It was a pre-pubescent purchase of Rainbow’s ‘Down To Earth’ and a record collection left behind by an uncle who had gone off to Germany with his band that got me into rock music. Amongst the records were classic 70s albums like Deep Purple, Led Zeppelin, Bad Company and 10CC as well as great soul 45s. As a ten year old I’d play Deep Purple’s 45 ‘Fireball’ over and over without noticing that my favourite band, Rainbow, at the time shared the same guitarist. Early teens led to the pop charts but it was Queen’s ‘Greatest Hits’ that was a defining moment in my adolescence. I delved into their back catalogue and albums like ‘Queen II’, ‘Sheer Heart Attack’ and ‘Night At The Opera’ got me hooked and became close lifelong friends.
The MTV years turned me onto the rock bands that were denting the charts (Whitesnake, Def Leppard, Cinderella and the like) as I devoured the rock shows on radio and TV shows including No Limits (they played Loverboy, Honeymoon Suite and Nightranger when the rest of the UK mainstream pretended that they didn’t exist!) and The Power Hour (usually videotaped because it was on at some unearthly time in the middle of the night). By the time of my student years, I’d grown my hair, got the leather jacket and ripped my jeans. It was official; I’d sold my soul and I was a rocker. However, there was a branch of rock that hit the sweet spot more than any others; that was AOR. Even today when people ask what kind of music I like there are still many who reply “A.O what?”. Much maligned by many but we know they’re wrong as it has a mix of great musicianship, big melodies, guitar solos you can hum and some of the finest vocalists any genre can boast. How can you argue with vocalists like Steve Perry, Jimi Jamison or Lou Gramm? Journey, Survivor and Foreigner became my holy trinity. They sang like angels but angels that rocked. I sought out every AOR and hard rock record I could find. Journalist Derek Oliver of Kerrang became like an oracle. If he got himself in a lather about a record I had to check it out. Pre-internet, the record shop was a place of wonder; every visit an adventure. What would you find there? I became a detective who would look for clues on record sleeves to work out if I’d like the music on the disc. Did they look like a rock band? Was it on a record label that other bands I liked were on? Did I recognise the producer? Did the song writing credits include anyone I knew or were the session musicians and backing singers familiar? Did the song titles sound like they rocked? Sometimes this didn’t work but when it did and I found a new artist that I liked it was like winning the lotto. Stan Bush, Jimmy Barnes and Billy Squier were all found this way. Seeing the music live was even better and I caught all the bands I could that came to the UK, and all the local rock and blues bands.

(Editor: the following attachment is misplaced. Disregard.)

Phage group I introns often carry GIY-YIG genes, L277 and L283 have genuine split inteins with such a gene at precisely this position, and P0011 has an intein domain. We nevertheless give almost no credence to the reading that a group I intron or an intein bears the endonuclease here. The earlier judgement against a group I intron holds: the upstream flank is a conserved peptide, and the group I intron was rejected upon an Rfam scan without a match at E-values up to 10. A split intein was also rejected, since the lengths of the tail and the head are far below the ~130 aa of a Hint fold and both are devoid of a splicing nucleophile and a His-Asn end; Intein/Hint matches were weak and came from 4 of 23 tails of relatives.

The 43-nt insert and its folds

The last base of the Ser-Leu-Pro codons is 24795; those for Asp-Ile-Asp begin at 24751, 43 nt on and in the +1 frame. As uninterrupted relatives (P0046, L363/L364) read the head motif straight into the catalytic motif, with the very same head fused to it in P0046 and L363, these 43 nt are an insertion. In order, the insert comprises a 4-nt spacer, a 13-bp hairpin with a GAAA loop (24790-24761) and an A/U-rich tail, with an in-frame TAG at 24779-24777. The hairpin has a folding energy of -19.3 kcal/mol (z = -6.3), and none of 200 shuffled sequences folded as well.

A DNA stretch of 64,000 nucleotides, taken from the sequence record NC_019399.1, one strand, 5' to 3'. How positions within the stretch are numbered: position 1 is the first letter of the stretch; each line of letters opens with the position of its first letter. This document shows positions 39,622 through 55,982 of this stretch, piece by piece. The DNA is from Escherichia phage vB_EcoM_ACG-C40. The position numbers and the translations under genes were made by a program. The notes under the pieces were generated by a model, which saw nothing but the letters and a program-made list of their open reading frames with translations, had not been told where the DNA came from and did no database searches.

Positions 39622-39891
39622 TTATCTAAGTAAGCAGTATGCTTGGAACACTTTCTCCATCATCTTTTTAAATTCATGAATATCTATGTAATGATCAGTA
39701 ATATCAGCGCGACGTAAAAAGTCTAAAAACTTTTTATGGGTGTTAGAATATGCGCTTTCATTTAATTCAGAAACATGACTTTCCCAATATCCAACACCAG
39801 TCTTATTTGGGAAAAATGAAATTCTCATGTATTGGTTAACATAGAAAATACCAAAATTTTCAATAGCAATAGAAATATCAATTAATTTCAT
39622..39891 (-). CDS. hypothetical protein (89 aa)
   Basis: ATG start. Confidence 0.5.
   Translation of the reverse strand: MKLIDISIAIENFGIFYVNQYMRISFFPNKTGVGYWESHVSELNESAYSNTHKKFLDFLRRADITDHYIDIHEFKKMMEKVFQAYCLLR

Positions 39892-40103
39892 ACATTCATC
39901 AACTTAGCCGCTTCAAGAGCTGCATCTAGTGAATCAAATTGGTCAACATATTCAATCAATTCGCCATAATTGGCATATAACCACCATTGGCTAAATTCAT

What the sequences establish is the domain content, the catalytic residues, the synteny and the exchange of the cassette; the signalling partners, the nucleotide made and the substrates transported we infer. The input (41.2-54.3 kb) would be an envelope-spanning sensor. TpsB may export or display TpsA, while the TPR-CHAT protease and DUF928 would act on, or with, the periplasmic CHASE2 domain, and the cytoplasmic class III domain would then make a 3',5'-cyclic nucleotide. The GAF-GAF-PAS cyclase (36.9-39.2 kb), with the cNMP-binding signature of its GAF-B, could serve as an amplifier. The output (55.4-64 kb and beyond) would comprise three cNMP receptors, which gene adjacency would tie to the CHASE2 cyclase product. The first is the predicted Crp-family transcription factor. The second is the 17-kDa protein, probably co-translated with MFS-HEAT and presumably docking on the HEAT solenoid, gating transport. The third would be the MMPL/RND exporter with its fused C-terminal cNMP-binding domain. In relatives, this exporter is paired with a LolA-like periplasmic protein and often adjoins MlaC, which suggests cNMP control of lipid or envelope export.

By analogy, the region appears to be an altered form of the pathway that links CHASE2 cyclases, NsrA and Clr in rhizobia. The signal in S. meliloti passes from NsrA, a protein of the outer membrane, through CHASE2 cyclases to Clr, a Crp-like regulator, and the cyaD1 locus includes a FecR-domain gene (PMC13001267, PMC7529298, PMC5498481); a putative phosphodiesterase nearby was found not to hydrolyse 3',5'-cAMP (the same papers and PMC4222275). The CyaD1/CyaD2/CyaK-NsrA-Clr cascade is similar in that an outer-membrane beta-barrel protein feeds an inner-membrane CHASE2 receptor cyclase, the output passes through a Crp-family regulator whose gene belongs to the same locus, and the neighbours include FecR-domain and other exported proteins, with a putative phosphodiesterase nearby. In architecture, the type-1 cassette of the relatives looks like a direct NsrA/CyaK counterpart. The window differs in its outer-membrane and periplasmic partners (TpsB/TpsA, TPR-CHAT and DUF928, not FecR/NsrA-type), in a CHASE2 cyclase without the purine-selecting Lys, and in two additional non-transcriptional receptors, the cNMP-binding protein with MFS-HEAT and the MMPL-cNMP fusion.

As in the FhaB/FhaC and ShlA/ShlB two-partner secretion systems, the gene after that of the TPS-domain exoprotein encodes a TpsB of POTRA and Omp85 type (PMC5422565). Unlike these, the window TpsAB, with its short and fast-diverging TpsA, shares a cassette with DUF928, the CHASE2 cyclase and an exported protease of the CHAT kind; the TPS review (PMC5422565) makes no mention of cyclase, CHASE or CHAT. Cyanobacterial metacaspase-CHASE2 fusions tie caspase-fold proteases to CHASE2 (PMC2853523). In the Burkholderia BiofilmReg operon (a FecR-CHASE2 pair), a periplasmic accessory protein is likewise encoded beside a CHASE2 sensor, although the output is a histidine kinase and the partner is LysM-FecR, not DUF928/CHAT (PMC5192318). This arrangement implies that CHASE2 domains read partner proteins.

The late 80s also saw a rise in interest again of blues music which helped broaden my tastes. From a love of John Lee Hooker, I traced my way back through the British blues boom of the 60s to the bluesmen of the 1930s like Blind Willie Johnson to find there was a magic there that still resonates almost a hundred years later. The hypnotic blues of Otis Taylor today shows that the blues still has something to say.
My work as a teacher, teacher trainer and academic manager has meant I’ve lived in many countries in Europe, Asia and Africa so I’ve been exposed to a lot of other great music I wouldn’t have ordinarily heard, widening my tastes further but I still always come back to melodic rock. In the 90s when many of my favourite bands were splitting up, there was a moment I thought the genre might disappear but thanks to the perseverance of some bands, the reformation of others and the dogged tenacity of people like Fireworks’ Bruce Mee to keep the music alive, today I am happy to report that there are as many great rock albums being released as ever. Whilst I was living in Italy I got involved in contributing for Frontier’s MRF promotional magazine and got a taste for reviewing. Since then I’ve had the privilege of reviewing hundreds of CDs and interviewing many musical heroes too for Fireworks, Powerplay and Blues Matters. Writing this the day after the news broke about the sad passing of Jimi Jamison, I think myself lucky to have interviewed him and met him a couple of times. It’s a reminder of why I enjoy doing this; to be able to tell guys like Jimi the importance their music has had in your life and to think a review or interview you’ve written may turn someone else on to their music, is a brilliant thing to be a part of.